Esperanza's childhood life in a Spanish-speaking area of Chicago is described in a series of spare, poignant, and powerful vignettes. Each story centers on a detail of her childhood: a greasy cold rice sandwich, a pregnant friend, a mean boy, how the clouds looked one time, something she heard a drunk say, her fear of nuns: "I always cry when nuns yell at me, even if they're not yelling." Esperanza's friends, family, and neighbors wander in and out of her stories; through them all Esperanza sees, learns, loves, and dreams of the house she will someday have, her own house, not on Mango Street.  --Reviewed by Jesse Larsen, from 500 Great Books by Women
Apple Blossom Time, by Kathryn Haig
When World War II breaks out, Laura joins the British war effort against the Nazis. Her assignment takes her to Egypt where she learns the horrors of war, including the death of her spouse.
When her term is over, Laura has an obsession to learn more about her father, whom she has never seen since he died a hero’s death in France during World War I.  She journeys to his village to learn that her sire’s name is not included on the war memorial honoring the dead. Her own family refuses to speak about him except to say that he was a hero. As she digs deeper into her family’s past, an unknown assailant begins sending her letters that threaten her with bodily harm.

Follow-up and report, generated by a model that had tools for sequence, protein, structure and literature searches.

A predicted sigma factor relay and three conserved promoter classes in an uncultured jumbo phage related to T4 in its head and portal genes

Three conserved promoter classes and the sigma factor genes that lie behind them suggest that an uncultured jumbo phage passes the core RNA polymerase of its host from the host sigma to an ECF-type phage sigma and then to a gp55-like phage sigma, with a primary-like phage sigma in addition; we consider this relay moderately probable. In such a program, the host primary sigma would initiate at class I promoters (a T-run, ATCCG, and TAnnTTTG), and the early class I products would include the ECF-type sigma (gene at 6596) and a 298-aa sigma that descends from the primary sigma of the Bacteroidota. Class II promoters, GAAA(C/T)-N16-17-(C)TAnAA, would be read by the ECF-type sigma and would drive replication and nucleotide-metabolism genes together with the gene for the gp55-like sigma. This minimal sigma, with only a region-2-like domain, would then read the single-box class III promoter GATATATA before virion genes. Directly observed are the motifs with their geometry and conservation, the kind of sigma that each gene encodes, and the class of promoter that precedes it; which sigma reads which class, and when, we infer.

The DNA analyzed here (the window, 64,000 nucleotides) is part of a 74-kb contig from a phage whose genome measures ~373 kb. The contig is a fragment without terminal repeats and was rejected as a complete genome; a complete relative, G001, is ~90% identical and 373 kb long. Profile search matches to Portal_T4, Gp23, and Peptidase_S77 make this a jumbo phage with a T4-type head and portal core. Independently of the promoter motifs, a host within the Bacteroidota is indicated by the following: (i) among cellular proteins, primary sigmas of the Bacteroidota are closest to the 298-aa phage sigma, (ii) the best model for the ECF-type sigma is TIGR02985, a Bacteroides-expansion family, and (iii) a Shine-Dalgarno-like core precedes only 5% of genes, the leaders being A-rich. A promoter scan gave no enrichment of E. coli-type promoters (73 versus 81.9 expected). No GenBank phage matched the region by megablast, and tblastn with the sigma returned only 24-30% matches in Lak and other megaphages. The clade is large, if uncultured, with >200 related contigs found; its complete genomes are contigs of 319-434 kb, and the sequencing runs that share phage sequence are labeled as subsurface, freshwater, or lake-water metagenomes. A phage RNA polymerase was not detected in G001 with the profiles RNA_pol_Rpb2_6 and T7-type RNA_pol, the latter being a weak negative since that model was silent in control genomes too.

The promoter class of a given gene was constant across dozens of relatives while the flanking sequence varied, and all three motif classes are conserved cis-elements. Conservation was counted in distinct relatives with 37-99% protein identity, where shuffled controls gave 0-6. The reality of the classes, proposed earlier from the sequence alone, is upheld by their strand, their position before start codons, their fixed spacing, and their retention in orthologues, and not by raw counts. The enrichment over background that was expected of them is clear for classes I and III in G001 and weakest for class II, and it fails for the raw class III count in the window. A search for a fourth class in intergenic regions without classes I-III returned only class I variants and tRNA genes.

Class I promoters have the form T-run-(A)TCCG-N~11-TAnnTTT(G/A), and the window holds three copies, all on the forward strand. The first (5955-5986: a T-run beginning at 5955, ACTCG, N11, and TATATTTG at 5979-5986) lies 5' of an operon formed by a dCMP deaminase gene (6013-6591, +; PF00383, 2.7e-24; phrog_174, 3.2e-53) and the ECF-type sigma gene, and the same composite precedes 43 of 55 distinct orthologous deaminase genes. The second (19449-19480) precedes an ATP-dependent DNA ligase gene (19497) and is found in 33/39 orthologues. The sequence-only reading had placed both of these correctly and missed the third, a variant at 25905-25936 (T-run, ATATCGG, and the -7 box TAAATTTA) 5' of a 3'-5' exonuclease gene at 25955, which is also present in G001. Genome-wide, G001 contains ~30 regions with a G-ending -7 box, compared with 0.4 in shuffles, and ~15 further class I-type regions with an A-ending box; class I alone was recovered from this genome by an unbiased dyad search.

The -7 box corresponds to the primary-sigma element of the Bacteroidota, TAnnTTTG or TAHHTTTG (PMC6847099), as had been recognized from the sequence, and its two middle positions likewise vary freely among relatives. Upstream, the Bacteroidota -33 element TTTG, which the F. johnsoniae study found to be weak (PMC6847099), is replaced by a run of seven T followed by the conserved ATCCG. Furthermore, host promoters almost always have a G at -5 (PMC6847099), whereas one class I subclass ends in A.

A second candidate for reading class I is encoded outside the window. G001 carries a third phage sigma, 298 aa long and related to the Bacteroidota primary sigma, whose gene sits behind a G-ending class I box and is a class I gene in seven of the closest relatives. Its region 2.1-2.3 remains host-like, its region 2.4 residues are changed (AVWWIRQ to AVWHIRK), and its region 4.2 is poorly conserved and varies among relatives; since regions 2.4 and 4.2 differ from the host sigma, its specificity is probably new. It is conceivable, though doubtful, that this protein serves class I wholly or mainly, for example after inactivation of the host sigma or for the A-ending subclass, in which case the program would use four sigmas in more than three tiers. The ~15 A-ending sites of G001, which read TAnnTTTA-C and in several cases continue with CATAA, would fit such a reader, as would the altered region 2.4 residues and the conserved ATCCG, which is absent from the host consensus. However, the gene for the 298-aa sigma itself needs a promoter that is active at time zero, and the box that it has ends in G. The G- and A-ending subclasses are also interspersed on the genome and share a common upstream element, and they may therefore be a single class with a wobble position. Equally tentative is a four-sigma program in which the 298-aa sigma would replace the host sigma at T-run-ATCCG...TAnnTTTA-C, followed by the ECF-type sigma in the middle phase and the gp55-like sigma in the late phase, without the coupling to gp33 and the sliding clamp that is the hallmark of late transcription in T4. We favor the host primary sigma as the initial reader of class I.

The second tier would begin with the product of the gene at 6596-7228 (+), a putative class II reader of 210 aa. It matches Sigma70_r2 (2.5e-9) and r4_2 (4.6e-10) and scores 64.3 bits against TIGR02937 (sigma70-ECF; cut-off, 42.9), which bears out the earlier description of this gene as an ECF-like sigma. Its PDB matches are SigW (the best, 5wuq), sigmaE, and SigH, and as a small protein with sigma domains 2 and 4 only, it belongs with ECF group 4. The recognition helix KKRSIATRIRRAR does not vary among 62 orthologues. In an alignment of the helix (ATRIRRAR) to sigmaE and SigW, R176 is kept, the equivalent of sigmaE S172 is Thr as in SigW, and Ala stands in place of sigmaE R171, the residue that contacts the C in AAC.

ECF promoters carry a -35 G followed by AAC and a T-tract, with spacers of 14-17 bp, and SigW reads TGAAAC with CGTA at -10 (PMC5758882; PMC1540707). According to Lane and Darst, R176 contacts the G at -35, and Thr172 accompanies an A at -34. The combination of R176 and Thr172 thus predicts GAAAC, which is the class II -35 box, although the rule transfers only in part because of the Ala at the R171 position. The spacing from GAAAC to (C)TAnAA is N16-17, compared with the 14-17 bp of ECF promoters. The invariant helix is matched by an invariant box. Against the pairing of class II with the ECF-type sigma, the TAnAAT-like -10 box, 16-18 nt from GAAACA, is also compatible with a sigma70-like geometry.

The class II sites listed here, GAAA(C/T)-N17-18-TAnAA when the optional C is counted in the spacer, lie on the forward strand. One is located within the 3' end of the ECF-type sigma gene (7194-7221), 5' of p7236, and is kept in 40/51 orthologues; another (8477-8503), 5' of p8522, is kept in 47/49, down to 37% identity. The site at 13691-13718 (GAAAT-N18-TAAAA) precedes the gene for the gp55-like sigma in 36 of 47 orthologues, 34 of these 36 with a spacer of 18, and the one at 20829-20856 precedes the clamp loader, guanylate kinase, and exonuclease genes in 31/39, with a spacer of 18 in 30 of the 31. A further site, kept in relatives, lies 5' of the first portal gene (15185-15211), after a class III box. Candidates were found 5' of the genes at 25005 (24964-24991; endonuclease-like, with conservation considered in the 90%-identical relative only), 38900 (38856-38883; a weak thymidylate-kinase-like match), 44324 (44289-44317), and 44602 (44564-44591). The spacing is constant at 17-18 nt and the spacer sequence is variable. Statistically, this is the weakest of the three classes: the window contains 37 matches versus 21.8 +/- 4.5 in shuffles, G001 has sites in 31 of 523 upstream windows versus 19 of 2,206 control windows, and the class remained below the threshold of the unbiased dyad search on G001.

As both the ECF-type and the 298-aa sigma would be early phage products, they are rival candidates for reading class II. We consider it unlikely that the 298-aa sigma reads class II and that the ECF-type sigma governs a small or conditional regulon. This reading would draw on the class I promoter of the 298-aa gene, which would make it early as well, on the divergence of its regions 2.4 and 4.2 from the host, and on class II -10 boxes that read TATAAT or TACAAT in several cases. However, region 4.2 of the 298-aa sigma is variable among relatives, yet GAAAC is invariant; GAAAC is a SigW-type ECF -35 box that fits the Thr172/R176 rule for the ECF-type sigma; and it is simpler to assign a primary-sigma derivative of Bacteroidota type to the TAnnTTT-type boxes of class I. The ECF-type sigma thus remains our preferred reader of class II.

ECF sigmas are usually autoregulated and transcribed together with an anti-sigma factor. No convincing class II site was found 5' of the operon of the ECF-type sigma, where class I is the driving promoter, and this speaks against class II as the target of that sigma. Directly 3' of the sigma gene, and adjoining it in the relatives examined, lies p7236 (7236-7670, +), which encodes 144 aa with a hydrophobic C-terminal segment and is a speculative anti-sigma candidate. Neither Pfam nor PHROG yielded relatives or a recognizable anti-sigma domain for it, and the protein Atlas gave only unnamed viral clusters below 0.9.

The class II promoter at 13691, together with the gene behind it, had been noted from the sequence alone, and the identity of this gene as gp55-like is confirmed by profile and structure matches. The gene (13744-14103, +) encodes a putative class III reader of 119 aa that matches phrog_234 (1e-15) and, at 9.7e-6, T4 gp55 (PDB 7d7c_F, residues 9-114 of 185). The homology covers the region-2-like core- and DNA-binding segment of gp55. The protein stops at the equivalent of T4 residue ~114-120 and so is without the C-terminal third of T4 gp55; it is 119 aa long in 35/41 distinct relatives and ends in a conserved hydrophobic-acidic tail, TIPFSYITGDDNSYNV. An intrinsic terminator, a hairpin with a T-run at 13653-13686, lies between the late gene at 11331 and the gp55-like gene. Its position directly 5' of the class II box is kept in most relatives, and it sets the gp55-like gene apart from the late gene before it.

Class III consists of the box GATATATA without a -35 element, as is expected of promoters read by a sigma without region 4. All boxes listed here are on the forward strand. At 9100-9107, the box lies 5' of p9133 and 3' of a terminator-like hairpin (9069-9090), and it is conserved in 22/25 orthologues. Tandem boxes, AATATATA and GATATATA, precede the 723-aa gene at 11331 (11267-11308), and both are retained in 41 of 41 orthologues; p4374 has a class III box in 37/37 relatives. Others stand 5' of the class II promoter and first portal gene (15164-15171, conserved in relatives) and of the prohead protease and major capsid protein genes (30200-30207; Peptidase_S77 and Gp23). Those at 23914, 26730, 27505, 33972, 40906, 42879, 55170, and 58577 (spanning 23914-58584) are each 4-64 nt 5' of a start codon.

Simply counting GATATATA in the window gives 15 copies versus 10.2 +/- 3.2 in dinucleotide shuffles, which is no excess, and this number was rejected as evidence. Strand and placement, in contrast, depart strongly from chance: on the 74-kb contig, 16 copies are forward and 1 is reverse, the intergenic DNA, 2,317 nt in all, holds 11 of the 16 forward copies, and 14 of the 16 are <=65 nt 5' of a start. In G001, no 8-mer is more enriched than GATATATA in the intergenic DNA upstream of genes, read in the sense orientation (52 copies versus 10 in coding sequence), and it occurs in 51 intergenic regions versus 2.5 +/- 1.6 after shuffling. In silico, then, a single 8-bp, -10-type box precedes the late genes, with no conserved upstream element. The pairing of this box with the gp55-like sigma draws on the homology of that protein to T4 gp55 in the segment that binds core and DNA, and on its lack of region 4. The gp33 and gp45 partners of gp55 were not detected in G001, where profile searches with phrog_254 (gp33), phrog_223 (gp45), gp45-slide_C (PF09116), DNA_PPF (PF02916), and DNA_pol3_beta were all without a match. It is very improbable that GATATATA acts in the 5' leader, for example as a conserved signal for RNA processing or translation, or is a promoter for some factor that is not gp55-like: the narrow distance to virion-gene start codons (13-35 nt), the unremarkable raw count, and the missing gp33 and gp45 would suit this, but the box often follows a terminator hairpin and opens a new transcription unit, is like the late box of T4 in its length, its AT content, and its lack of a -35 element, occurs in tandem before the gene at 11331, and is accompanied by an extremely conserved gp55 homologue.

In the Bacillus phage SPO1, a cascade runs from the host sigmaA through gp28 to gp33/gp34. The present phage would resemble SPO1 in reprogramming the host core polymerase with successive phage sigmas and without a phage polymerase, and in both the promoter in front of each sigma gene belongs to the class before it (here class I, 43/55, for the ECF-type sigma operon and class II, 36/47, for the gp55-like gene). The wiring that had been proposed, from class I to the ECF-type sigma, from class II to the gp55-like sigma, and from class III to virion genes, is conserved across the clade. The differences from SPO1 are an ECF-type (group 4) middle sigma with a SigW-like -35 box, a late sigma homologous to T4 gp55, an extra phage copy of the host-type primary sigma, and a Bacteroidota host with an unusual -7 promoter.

Apple Blossom Time is a very good period piece that will be enjoyed by fans of the first half of the twentieth century life styles of the English. The story line is actually three sub plots that blend into a wonderful tale rich with intriguing characters. Though the novel may prove to British too be everybody’s cup of Earl Gray, fans of Masterpiece Theater will love this family saga.  – Reviewed by Harriet Klausner
Shadow of the Pomegranate, by Jean Plaidy
Synopsis from The seemingly ideal marriage of Katharine of Aragon to young Henry VIII took place under the insignia of the pomegranate, the Arab sign of fertility, in an ironic gesture of fate. What follows fills this vivid novel of love, intrigue, and betrayal in the royal courts of England and Spain--